Hillary Clinton Says She Would Be a Political ‘Outsider’ as President

PHOTO: Democratic presidential candidate Hillary Rodham Clinton speaks while attending the Foundry United Methodist Church for their Bicentennial Homecoming Celebration, in Washington, Sept. 13, 2015. Molly Riley/AP Photo
Democratic presidential candidate Hillary Rodham Clinton speaks while attending the Foundry United Methodist Church for their Bicentennial Homecoming Celebration, in Washington, Sept. 13, 2015.

Hillary Clinton argued today that as president she would be as much a political outsider as any other candidate given that she would be the first female president.

"I cannot imagine anyone being more of an outsider than the first woman president, I mean really, let's think about it," the Democratic presidential candidate said during an interview on CBS News' "Face the Nation."

Clinton tweeted the remark, too.

"All these mothers and fathers bring me the place mats with all the presidents, and they bring their daughters and they say, 'My daughter has a question for you,'" the former senator and secretary of state explained Sunday. "And then the daughter says, 'How come there are no girls on this place mat?' So, I think that is a pretty big, unconventional choice."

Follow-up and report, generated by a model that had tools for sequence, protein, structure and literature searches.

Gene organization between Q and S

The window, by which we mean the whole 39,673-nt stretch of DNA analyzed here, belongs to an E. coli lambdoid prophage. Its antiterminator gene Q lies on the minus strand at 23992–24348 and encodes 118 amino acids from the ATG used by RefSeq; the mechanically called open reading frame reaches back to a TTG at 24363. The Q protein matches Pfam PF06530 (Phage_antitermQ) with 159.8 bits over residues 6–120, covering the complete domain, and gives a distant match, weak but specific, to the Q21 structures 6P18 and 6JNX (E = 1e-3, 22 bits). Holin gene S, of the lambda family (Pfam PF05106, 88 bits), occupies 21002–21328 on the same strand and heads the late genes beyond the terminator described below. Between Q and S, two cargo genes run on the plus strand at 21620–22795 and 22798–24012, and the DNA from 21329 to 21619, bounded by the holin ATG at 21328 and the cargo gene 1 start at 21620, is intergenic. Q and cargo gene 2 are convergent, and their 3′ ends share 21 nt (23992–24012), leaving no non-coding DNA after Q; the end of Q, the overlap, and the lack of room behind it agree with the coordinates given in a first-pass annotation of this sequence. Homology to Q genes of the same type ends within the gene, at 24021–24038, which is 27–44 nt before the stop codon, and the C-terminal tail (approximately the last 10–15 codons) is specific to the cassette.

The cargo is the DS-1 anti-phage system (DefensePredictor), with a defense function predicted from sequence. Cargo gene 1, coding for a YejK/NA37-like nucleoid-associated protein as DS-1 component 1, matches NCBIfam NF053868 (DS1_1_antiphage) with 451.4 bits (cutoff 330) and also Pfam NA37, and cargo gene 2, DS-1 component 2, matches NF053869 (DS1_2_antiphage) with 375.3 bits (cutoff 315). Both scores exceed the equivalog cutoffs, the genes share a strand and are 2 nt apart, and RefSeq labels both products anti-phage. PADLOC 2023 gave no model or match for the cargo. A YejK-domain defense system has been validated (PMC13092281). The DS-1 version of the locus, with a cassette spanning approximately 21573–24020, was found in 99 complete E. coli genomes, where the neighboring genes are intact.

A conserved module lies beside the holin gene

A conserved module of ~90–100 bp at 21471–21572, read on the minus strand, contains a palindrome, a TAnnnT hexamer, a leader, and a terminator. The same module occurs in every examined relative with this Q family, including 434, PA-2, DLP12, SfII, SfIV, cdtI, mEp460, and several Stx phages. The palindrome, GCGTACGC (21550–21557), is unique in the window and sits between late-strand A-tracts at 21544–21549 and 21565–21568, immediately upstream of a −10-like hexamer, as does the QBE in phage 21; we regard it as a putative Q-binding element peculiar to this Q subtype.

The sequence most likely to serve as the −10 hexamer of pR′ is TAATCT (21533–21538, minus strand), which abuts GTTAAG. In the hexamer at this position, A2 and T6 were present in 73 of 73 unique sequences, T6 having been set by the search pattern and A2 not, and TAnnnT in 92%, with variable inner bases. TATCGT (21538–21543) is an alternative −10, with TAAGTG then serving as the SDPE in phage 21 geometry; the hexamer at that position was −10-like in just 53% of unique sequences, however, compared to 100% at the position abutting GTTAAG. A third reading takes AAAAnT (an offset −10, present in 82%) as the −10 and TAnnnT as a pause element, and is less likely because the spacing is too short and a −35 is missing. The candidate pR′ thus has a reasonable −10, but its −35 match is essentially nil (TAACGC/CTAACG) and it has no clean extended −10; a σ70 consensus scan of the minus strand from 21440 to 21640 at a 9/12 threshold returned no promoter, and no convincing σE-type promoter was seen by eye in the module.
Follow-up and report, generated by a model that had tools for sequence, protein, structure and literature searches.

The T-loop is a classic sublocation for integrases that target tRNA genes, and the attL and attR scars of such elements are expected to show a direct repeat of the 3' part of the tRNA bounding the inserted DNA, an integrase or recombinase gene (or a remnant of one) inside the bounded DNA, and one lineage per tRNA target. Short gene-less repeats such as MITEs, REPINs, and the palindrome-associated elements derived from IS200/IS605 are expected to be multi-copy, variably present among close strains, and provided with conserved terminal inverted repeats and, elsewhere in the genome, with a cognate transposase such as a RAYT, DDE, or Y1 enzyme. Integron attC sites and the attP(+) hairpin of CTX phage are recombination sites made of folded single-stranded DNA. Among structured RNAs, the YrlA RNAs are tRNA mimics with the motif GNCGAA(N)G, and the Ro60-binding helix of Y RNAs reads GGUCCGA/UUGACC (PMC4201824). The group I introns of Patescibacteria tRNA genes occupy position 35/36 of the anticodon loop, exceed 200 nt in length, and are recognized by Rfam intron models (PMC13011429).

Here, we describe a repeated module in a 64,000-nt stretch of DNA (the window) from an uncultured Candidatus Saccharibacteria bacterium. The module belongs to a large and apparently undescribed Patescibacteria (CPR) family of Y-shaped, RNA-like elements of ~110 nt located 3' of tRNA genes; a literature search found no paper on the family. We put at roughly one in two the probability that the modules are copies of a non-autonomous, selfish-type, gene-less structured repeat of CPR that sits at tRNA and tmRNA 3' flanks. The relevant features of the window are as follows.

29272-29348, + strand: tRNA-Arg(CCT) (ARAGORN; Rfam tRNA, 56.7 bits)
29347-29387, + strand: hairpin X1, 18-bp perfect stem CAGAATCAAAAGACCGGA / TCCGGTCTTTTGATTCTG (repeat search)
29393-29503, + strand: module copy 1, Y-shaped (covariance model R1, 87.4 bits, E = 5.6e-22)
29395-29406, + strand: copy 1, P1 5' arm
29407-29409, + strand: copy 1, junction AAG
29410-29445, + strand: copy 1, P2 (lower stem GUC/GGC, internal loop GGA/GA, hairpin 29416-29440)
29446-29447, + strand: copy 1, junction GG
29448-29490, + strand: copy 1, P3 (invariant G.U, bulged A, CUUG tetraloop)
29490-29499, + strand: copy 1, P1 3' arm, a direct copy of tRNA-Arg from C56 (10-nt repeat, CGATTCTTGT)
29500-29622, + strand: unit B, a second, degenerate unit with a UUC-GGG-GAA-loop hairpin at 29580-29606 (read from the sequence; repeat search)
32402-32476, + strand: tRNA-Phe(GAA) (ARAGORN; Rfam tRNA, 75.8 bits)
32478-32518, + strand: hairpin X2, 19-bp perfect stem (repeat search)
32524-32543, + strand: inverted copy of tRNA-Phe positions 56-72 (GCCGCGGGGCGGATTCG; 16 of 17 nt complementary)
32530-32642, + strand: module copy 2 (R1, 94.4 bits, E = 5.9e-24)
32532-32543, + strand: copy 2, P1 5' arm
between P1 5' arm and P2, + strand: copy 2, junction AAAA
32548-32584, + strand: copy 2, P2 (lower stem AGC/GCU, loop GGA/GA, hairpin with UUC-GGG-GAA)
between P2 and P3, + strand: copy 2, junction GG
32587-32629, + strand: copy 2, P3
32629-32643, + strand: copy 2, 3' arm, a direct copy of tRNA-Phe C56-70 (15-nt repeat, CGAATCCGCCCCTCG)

When pressed further, Clinton acknowledged that "political outsiders" could refer to candidates who have never held public office. But, she argued, those people would not be as effective as she would be as president.

"I know what you're asking, 'Do we want people who have never been elected to anything, who have no political experience, who've never made any hard choices in the public arena?' Well, voters are going to have to decide that," she said.

Clinton's comments could be seen as a knock against Republican presidential candidates Donald Trump, Ben Carson and Carly Fiorina -- none of whom have ever been elected to public office, but are leading in the Republican polls.

Vermont Sen. Bernie Sanders, however, is also admired for being a political outsider by progressives. He is seeing massive support, gaining steadily in the polls, and even leading Clinton in New Hampshire.

During her interview today, Clinton also brushed aside the notion that she isn't authentic and doesn't show her "real" self out on the campaign trail.

"I can't possibly do that," Clinton said when asked to name three adjectives that describe her. "Look, I am a real person. With all the pluses and minuses that go along with it."